Coparenting in Latino Families

  • Natasha J. CabreraEmail author
  • Jacqueline D. Shannon
  • Stephanie Jolley-Mitchell
Part of the Advances in Immigrant Family Research book series (ADIMFAMRES)


Much of the research on coparenting has focused on White, middle-class, two-parent, or post-divorce families, less is known about coparenting in ethnically and culturally diverse families and whether this process has similar predictors and consequences. Given that family process may be different in ethnically and racially diverse families, we might also expect coparenting to differ. In this chapter, we provide a sociodemographic profile of Latino families in the United States, review theoretical and empirical research on the key predictors of coparenting and implications for parenting and children’s development, and present directions in coparenting research in Latino families as well as the role of intervention and prevention programs.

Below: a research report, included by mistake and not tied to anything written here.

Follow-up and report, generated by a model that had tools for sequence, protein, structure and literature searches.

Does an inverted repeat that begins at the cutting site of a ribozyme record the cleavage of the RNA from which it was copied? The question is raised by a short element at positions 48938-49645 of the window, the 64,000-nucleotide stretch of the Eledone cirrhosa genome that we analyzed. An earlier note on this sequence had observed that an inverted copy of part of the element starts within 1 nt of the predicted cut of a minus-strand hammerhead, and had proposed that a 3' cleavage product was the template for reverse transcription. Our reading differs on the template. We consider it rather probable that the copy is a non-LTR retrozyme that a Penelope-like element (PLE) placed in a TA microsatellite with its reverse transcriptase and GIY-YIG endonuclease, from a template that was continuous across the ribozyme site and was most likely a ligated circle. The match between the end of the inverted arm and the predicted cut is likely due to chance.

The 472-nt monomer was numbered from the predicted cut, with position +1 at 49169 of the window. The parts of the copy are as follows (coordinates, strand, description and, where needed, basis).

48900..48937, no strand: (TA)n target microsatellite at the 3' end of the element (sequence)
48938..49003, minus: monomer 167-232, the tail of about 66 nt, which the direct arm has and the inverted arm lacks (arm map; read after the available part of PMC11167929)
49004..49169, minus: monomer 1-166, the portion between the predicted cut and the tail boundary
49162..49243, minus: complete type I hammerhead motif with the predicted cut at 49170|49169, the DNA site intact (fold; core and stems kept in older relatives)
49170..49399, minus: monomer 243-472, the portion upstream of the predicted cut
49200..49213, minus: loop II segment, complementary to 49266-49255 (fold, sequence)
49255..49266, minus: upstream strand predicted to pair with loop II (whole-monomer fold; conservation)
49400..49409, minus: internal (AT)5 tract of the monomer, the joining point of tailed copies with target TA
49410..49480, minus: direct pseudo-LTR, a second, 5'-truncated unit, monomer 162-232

Interparental Conflict Child Adjustment Latino Family Nonresident Father Shared Parenting 
These keywords were added by machine and not by the authors. This process is experimental and the keywords may be updated as the learning algorithm improves.


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Copyright information

© Springer Science+Business Media New York 2013

Authors and Affiliations

  • Natasha J. Cabrera
    • 1
    Email author
  • Jacqueline D. Shannon
    • 2
  • Stephanie Jolley-Mitchell
    • 3
  1. 1.Department of Human Development and Quantitative MethodologyUniversity of MarylandCollege ParkUSA
  2. 2.Department of Early Childhood Education and Art EducationBrooklyn CollegeCuny, New YorkUSA
  3. 3.Center for Translational Science Children’s National Medical CenterWashington, DCUSA

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